2 min read.Updated: 08 Jan 2020, 08:47 AM ISTRenu Yadav
In the petition filed with the Supreme Court, homebuyers have argued that the amendment is arbitrary and discriminatory
The writ petition has been filed on behalf of 11 homebuyers from Noida and Gurgaon
Group of homebuyers have filed multiple writ petition with the Supreme Court challenging the recent amendment brought in by the government in the Insolvency and Bankruptcy Code (IBC) which has put a minimum threshold on the number of home buyers that can approach the National Company Law Tribunal (NCLT) in order to start the liquidation process against the defaulting developer.
Government brought in an amendment under IBC in mid December to introduce a minimum threshold of 100 or 10 per cent home buyers whichever is lower required to take a defaulting developer to the NCLT for starting the liquidation process. The government later came out with an ordinance to clear this amendment.
Prior to this amendment even a single financial creditor, including a homebuyer, with claims of at least ₹1 lakh could move NCLT against the defaulting developer.
In the petition filed with the Supreme Court, homebuyers have argued that the amendment is arbitrary and discriminatory.
“Bringing a threshold just for homebuyers is arbitrary while there is no threshold for any other financial or operational creditors. Even a single financial or operational creditor (other than homebuyer) can file an application against the company with NCLT for starting of the liquidation process," said Piyush Singh,Partner, PSP Legal, a Delhi based law firm.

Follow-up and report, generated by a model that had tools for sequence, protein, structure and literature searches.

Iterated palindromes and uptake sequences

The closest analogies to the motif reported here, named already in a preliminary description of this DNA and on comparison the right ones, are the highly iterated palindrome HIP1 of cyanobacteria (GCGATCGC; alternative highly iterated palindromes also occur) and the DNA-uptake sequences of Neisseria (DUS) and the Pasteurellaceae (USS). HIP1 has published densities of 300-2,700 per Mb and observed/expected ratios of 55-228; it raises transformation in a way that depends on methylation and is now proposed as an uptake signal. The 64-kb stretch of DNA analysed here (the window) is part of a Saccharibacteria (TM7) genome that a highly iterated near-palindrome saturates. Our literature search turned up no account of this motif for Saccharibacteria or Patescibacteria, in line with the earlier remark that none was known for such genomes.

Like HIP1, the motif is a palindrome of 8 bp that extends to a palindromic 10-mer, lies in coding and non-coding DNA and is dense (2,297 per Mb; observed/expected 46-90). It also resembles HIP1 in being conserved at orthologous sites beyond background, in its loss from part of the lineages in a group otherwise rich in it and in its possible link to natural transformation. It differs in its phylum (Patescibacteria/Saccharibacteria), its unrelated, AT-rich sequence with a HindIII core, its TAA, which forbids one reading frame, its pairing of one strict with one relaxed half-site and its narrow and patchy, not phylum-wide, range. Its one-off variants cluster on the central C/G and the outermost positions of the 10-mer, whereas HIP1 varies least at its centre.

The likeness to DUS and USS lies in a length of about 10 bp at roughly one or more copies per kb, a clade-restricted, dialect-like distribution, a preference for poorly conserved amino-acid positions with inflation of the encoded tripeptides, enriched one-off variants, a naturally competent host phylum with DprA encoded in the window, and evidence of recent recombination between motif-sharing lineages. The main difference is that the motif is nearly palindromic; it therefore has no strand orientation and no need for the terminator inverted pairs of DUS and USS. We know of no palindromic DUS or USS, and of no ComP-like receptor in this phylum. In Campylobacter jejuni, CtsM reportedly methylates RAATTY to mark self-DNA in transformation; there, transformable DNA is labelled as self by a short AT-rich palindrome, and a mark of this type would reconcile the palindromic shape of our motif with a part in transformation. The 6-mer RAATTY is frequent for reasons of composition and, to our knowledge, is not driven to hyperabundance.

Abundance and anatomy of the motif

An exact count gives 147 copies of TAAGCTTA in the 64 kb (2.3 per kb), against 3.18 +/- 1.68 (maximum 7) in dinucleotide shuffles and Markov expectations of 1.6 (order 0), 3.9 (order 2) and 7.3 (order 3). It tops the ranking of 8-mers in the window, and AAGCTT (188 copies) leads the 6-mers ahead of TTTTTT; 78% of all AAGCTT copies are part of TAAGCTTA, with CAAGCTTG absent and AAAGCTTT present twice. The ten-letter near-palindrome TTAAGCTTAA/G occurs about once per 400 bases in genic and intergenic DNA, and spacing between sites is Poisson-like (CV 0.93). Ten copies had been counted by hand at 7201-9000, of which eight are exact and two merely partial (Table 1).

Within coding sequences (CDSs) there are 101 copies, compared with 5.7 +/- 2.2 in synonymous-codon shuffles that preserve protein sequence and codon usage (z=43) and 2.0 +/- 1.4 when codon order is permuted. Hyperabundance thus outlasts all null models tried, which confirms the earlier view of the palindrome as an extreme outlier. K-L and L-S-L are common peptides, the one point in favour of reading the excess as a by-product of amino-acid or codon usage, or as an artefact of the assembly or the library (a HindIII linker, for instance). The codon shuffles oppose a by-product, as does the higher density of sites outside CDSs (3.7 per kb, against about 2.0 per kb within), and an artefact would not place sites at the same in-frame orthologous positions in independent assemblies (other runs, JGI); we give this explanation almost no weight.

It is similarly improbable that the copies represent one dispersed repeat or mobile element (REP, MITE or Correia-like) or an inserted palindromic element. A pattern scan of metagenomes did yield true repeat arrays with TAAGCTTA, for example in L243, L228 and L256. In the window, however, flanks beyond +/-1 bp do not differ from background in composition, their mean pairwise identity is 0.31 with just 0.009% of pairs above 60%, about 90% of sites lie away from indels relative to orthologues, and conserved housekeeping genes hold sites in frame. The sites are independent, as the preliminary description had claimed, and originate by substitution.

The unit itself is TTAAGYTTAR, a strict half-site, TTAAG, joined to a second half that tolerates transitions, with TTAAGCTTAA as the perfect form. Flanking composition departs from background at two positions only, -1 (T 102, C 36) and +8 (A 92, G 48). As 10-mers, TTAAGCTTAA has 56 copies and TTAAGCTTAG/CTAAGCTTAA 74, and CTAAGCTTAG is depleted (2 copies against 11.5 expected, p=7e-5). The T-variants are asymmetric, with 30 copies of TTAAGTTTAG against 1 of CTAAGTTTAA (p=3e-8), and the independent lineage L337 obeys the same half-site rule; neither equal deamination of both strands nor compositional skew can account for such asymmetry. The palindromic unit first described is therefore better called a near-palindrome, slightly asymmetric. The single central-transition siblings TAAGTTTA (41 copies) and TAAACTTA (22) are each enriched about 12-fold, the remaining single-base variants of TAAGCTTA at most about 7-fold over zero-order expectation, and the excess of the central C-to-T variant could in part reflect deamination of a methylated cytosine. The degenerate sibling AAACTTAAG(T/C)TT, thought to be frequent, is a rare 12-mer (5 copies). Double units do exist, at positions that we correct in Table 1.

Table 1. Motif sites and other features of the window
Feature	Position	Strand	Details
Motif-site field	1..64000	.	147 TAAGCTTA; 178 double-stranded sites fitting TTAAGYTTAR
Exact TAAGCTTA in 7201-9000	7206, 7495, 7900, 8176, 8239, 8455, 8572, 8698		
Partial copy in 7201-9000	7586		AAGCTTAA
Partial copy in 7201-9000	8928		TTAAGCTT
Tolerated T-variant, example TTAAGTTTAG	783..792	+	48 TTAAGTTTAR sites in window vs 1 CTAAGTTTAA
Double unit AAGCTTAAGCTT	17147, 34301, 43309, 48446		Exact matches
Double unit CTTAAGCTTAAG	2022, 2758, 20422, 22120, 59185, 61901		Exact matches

The writ petition has been filed on behalf of 11 homebuyers from Noida and Gurgaon.
Another writ petition has been filed by Centrik Legalistic on behalf of five homebuyers.
In the petitions homebuyers have argued that this amendment goes against the Supreme Court’s judgement passed in August which has put homebuyers at par with other financial creditors. “The other reason is the fact that the Supreme Court three judge bench has given the judgement on the constitutional validity upholding the rights of the home buyers as financial creditors in August 2019. In the very same order the argument given by the builder was that there should be a threshold for the homebuyer. The argument was negated by the Supreme Court in the pioneer judgement. This ordinance is nothing but an attempt to circumvent judgement passed by the Supreme Court," said Singh.
Homebuyers have argued against the amendment that it is practically impossible to bring in homebuyers together. “Most of the applications filed with NCLT are filed in cases of under construction projects and there is no mechanism through which a homebuyer who is willing to file an application under Section 7, to get the insolvency proceedings started against the defaulting developer, can contact other homebuyers." added Singh.
“The amendment that has been brought by the central government despite our objections is definitely unfair for the homebuyers. Now that the matter has moved to the Supreme Court, we hope that the Supreme Court will take cognizance of this issue and will give appropriate directions to the central government," Abhay Upadhyay, president, Forum For People’s Collective Efforts, a Kolkata-based consumer body
As per the amendment those who have already applied under NCLT but application is not accepted will have to abide by the changes and bring in the requisite number of homebuyers and apply again within 30 days.
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